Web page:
A successful Kyoto outcome will be one that will allow all countries to sign on and take domestic action to the extent that they are able.
Only an outcome based on cooperation not coercion can deliver a sustainable strategy. Dealing with this problem will take decades. Let's take the time and trouble to get the approach right from the outset.
The current climate change negotiations are about finding a way in the next century to limit global growth in greenhouse gas emissions. Australia is serious about playing its part to meet this global challenge. As the Prime Minister said in his London speech last month, Australia does not want a free ride - we are prepared to pull our weight to meet this global challenge.
The Rio Earth Summit approached the issue of climate change in terms of reducing global emissions growth to the year 2000. This objective has not been met because the commitments made then were never credible. Australia, like the majority of developed countries, cannot meet Rio's implied non-binding objective for the so-called Annex I countries of returning their greenhouse gas emissions back to 1990 levels by 2000. The challenge for this Government, and other OECD governments, is to learn from our experience since Rio and come up with a credible plan of action to avert the global problem of climate change in the next century.
The Government accepts the precautionary principle contained in the Framework Convention on Climate Change that the lack of full scientific certainty should not be used as a reason for postponing action. Unless credible evidence appears to the contrary, it would be remiss of my Government, or any other government, to ignore the risks associated with global climate change.
Moreover, as part of our obligations under the Convention, which Australia ratified in 1992, a number of reforms and measures to reduce the growth in our emissions have been taken.
One of the Government's current major initiatives, known as the Greenhouse Challenge, involves more than thirty of our largest enterprises covering mining, manufacturing and services. Together they account for more than 45% of Australia's industrial greenhouse gas emissions for their sectors. By the year 2000 they aim to reduce their projected aggregated emissions by 14% below the level they would otherwise have been.
The initiative has now been extended to include small and medium sized enterprises. Twelve trade associations have now signed onto the Greenhouse Challenge and a further 84 enterprises have notified the Government that they intend to sign agreements, making more than 126 committed participants in all.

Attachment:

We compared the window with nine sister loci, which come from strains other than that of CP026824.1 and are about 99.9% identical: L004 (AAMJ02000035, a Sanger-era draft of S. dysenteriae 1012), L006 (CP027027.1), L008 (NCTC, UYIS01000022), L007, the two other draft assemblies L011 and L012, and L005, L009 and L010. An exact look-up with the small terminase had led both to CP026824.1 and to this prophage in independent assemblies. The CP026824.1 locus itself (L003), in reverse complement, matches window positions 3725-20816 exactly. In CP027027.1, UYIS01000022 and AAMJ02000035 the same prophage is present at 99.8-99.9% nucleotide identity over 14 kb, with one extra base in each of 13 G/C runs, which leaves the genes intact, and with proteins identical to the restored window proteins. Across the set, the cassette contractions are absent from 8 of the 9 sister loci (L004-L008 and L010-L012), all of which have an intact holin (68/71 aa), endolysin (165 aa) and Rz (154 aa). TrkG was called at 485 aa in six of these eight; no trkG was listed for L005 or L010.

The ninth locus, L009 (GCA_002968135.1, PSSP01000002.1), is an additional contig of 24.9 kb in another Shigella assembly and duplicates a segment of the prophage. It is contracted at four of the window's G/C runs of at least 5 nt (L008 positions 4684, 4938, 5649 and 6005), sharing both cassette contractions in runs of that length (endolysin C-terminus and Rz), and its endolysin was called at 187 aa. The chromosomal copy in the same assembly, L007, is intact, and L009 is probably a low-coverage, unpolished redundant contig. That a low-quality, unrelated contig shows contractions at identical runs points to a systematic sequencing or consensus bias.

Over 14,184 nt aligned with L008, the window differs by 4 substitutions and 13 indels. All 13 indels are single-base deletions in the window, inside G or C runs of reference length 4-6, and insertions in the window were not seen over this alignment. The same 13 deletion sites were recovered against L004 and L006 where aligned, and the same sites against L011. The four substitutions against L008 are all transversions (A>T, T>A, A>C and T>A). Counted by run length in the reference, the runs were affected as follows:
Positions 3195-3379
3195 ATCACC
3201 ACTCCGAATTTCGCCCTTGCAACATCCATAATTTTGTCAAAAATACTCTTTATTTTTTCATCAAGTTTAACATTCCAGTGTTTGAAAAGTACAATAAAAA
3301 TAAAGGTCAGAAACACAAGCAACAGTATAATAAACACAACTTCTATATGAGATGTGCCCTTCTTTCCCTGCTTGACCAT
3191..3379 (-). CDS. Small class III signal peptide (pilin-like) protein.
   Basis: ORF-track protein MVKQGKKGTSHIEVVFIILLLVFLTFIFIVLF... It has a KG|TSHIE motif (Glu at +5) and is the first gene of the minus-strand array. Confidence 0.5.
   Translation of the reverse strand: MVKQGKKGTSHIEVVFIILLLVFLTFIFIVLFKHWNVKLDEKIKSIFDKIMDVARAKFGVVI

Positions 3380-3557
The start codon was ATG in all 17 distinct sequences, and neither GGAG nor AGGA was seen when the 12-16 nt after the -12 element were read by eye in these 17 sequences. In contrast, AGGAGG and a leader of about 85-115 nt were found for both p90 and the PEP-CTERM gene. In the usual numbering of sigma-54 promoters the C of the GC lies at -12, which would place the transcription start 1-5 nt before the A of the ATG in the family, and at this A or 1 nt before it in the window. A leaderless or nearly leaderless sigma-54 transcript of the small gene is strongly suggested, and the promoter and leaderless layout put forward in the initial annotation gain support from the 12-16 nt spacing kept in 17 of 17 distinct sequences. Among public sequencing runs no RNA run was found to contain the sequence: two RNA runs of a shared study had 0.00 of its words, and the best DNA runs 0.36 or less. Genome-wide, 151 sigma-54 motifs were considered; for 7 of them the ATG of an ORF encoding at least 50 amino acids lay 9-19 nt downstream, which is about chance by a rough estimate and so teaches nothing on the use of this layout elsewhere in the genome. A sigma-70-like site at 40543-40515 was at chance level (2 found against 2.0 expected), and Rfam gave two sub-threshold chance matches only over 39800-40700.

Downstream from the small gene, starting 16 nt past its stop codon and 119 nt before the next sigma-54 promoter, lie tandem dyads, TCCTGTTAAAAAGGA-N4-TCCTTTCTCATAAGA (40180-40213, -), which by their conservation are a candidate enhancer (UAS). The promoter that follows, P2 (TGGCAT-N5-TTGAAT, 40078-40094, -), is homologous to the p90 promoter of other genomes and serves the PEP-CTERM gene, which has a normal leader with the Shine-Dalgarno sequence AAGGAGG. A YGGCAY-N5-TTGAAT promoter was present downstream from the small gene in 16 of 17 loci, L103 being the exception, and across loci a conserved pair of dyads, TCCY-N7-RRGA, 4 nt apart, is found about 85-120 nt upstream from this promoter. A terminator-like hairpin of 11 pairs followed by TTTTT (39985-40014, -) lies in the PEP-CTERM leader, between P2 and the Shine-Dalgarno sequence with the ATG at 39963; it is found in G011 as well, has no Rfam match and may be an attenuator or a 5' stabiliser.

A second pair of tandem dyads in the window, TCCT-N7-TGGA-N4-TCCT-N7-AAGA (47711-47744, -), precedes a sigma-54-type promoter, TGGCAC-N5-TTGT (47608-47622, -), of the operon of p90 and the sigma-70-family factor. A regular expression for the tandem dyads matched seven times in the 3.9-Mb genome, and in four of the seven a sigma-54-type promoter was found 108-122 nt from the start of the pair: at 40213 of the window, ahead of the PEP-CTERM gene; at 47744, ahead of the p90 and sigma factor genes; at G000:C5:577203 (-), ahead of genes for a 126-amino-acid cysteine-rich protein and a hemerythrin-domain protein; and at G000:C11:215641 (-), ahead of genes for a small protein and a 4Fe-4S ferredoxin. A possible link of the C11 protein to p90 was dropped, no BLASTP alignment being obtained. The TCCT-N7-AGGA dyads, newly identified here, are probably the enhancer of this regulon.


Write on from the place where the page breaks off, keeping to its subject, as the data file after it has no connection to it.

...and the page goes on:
Other initiatives in support of our Climate Change Convention commitments include encouraging reform of our electricity and gas markets, resulting in increased efficiency of energy use. Overall, our performance compares favourably with most developed countries. In recognition of the need to continue these efforts, we are currently working on a number of fronts to strengthen our national strategies.
Looking ahead, we need to go to Kyoto knowing that our fellow Australians are fully aware of all the issues, and the implications were we to sign the agreement or not. Therefore I am announcing tonight an initiative aimed at carrying the community along with us in the process.
We are undertaking an analysis of the range of implications of possible Kyoto outcomes and the impact these would have on the Australian economy. The results are to be compiled in an issues paper that will be the basis for further community consultations.
Ordinarily, we would have undertaken this kind of an exercise only after the conclusion of the negotiating process. But the decisions that confront us are enormous. So too are the economic consequences. It is vital therefore that this process takes place before Kyoto, rather than afterwards.
We will be informing State and Territory Governments, industry representatives, non-government organisations and community groups of our negotiating position compared to others who will be at Kyoto. It will also provide us with additional input that we will be taking into account in further developing the Government's approach and position in the intensive negotiations in the run-up to Kyoto. I urge you therefore to make the most of the process.
In conclusion, let me say that this Government is genuine in its commitment to achieving an international agreement that deals with global warming whilst simultaneously ensuring that Australia's future prosperity is not put at risk. This is wholly consistent with the approach that others are taking, and there is nothing contradictory in our position. After all it strikes the right balance between our national interests and international responsibilities. I can assure you that we are committed to seeing these negotiations through to the end, and to an outcome that is good for Australia and future generations of Australians as well as the global environment.